opinionBy Hassan Ole Naado
Inspector General of Police David Kimaiyo has issued an advisory calling on politicians to desist from discussing sensitive land ownership issues during their campaigns. He fears that this land maneno (talk) could poison the mind of some communities and inflame passions, leading to violence ahead of the March 4 elections.
A few days ago, former minister Joseph Kamotho issued a similar warning, saying that Raila Odinga's jabs directed at Uhuru Kenyatta over the land question could cause chaos in Central Province.
In essence, Kimaiyo and Kamotho are saying that thorny issues on land ownership should be put on ice until after the general election. There is some wisdom in this call. Given the nature of our politics, especially in view of the post-election violence of early 2008, any advice that could ensure peace and stability during this electioneering period is highly welcome.
However, how do we restrain ourselves from discussing the land issue when some incidents in this domain are too painful to bear? For example, how do we expect families whose homes were demolished just the other day on a disputed land in Syokimau to keep cool until after the elections?
In the latest Syokimau land dispute, 15 home owners had their houses demolished after the person who sold them the land failed to clear a debt he owed the previous owner of the land. Despite having fully paid for the land, the poor home owners ended up being victims of the middleman's failures when the previous owner moved in to demolish their houses in order to recover his dues.
"If this is what land is about in Nairobi, then I would rather go buy elsewhere. This is not a safe place to buy land anymore," said Mr Brandan Mudaki after his Sh6.8 million house was demolished.
Another victim, Ms Alice Nangila, just stared at her four children who sat around the bedding they managed to salvage before the bulldozer flattened their house.
"Don't ask me where they will stay tonight. I do not know," she told journalists who had come to cover the demolition.
As the Syokimau families were pondering on what to do next, a court in Nairobi was being told that documents used to transfer a 100-acre piece of land belonging to an IDP to Mr William Ruto, the Jubilee Coalition deputy presidential candidate, were forged.
"When the land records were brought to our office, there was nothing to show payment was received for its transfer and the officer alleged to have executed the transfer was not based at the Eldoret Lands office," Mr Silas Mburugu, Principal Lands administration officer, told Justice Rose Ougo.
Meanwhile, another court was directing President Kibaki to gazette members of the National Land Commission, saying that the reasons given by the Attorney General to delay the appointments had no basis in law and, therefore, ruled in favour of arguments put forward by the Kenya Land Alliance, a lobby group.
With such weighty matters about land persisting in almost every corner of the country, how can Kenyans restrain themselves from discussing the land question merely because elections are around corner?
In this regard, and with due respect to his concerns, I would like to disagree with the Inspector General of Police over his call on Kenyans to refrain from discussing the land question at this time-- the wisdom behind his call notwithstanding. In fact, I think this is the best time for Kenyans to discuss this thorny issue because postponing it could kill the institutional memory needed to solve the problem effectively.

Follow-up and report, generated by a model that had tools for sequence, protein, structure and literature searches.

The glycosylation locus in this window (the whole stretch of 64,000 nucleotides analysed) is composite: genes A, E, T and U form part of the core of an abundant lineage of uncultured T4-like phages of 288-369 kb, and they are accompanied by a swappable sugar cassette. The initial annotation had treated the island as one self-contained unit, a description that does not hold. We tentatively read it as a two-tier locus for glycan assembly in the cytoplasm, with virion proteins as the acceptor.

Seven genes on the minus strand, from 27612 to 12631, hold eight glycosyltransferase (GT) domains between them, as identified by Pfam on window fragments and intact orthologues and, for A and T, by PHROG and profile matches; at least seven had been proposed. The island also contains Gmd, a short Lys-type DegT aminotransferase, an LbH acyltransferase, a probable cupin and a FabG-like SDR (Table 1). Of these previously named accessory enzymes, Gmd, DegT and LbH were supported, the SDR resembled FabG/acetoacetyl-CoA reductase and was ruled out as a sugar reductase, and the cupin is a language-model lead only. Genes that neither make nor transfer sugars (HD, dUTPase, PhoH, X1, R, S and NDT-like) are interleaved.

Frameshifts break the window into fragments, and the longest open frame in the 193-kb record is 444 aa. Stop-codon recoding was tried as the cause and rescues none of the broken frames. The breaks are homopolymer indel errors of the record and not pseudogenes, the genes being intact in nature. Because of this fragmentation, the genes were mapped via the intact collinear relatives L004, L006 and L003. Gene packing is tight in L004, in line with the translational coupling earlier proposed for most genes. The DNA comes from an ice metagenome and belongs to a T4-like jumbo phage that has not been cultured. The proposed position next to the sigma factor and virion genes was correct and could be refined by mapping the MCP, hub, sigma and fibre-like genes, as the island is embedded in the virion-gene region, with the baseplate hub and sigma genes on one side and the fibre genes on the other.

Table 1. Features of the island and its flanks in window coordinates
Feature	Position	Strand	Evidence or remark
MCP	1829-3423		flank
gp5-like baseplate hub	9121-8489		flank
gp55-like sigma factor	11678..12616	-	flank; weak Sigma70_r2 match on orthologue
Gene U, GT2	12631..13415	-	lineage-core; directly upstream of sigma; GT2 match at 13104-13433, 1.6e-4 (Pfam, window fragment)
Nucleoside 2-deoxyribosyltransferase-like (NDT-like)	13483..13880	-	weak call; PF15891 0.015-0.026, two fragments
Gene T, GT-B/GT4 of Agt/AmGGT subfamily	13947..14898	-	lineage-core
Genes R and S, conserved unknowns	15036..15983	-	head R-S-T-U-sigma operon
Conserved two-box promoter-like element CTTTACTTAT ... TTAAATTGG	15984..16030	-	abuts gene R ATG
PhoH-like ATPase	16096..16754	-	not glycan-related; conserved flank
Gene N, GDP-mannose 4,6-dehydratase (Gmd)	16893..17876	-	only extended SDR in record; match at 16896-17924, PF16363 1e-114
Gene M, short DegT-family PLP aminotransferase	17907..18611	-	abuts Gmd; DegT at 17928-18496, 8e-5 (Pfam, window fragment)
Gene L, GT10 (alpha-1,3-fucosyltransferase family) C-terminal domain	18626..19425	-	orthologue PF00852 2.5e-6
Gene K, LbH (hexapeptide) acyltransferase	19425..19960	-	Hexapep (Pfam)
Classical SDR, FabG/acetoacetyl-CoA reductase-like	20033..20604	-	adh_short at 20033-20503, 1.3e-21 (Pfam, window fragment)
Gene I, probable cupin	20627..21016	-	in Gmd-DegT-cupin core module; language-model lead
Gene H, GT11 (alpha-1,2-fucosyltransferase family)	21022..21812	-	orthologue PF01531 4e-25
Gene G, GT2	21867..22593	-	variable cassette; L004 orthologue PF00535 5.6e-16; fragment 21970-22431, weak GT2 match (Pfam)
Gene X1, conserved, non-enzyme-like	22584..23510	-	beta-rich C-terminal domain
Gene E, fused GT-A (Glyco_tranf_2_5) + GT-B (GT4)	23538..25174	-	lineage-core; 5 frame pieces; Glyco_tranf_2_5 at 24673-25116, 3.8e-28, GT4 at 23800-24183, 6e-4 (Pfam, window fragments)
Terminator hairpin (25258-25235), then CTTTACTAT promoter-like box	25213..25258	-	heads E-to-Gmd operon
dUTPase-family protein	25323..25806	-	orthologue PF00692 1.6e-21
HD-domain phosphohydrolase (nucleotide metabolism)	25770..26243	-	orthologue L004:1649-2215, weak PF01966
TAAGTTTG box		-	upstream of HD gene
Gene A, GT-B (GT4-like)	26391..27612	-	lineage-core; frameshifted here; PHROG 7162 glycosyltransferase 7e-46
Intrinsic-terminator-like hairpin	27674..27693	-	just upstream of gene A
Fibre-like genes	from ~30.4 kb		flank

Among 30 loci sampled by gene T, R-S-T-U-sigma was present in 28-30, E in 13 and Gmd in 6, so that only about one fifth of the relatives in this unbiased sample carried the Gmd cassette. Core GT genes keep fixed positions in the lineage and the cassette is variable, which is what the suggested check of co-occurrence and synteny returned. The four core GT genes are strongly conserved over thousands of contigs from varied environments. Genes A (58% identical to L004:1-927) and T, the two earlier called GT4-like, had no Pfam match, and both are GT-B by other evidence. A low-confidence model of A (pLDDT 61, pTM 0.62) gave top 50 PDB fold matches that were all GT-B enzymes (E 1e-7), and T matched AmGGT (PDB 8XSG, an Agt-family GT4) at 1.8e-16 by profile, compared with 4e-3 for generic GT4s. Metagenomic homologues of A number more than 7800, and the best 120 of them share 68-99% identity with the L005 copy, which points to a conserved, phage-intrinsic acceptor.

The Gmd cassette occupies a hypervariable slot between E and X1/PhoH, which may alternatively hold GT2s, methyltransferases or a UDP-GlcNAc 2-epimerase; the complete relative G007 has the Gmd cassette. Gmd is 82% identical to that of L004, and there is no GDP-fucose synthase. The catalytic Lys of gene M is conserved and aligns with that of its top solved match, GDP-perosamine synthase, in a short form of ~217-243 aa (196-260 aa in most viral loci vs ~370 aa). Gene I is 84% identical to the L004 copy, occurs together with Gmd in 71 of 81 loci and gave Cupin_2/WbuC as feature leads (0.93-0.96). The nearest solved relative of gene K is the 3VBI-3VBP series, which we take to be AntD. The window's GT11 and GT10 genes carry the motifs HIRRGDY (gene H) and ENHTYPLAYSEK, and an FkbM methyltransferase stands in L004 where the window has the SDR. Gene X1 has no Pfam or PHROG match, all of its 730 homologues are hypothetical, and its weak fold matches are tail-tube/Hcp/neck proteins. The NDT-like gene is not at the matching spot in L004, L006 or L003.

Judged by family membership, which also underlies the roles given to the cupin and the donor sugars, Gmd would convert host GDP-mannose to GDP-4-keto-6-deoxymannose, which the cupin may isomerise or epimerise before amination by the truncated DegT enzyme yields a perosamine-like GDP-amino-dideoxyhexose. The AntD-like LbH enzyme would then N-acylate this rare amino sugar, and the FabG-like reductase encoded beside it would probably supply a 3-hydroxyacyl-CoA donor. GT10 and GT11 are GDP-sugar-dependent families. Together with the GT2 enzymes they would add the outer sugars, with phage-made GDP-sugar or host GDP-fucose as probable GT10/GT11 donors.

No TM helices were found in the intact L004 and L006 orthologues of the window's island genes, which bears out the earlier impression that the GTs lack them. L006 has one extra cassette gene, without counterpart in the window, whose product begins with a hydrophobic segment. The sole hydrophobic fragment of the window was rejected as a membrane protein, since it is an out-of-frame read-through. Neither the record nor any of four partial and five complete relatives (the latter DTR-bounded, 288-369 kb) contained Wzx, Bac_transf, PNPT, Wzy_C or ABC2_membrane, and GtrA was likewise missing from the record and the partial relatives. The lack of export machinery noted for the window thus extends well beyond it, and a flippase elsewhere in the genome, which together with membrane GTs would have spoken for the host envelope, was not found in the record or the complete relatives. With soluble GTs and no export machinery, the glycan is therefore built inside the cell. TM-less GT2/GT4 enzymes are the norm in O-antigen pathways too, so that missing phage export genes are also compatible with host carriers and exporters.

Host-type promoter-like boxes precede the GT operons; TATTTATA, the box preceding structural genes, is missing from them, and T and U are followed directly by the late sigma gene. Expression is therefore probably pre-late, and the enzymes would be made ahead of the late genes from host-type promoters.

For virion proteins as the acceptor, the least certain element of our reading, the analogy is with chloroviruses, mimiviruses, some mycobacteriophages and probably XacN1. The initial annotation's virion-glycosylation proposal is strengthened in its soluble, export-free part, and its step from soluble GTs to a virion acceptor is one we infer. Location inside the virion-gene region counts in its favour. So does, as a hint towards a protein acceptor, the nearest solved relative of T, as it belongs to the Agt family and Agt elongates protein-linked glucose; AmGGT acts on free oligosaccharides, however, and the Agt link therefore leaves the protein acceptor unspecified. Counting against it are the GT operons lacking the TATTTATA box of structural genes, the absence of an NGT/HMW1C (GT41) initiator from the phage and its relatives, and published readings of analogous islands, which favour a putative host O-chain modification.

Firstly, it is important for Kenyans to be reminded that land reforms was one of the Agenda 4 issues which they committed themselves to tackle comprehensively under the Kenya National Dialogue and Reconciliation Accord-- this commitment is encapsulated by Chapter Five of the constitution which has nine pertinent Articles that are aimed at addressing the land question.
Unfortunately, serious land disputes such as the Syokimau one abound despite the existence of constitutional provisions to address them. So, if the land question is swept under the carpet now, what would be the right time to address it?
Secondly, Kenyans are being asked to vote wisely in view of the political alliances that are competing for power in the March 4 elections. The land question is among the critical policy issues and that is why a whole chapter has been dedicated to it in the constitution. So, if land is such an important policy issue that would inform voters' choices ahead of the polls, how then can the voters be expected to make informed choices when an embargo has been placed on such a critical policy issue?
Thirdly, the land question appears in all manifestos of the political parties contesting for power in the March polls. How will Kenyans interrogate these manifestos without touching on the thorny issues surrounding land ownership and use? Above all, some leading presidential candidates have disclosed very important statistics on land in Kenya and gone ahead to express an agenda for land that completely ignores constitutional provisions on this resource. How will these candidates be challenged if cold water is poured on the land debate?
Therefore, the search for answers to these questions compels us to discuss the land question now, election fever and emotions notwithstanding.
The writer is the deputy secretary general of the Supreme Council of Kenya Muslims (SUPKEM) and secretary general of the Muslim Leaders Forum.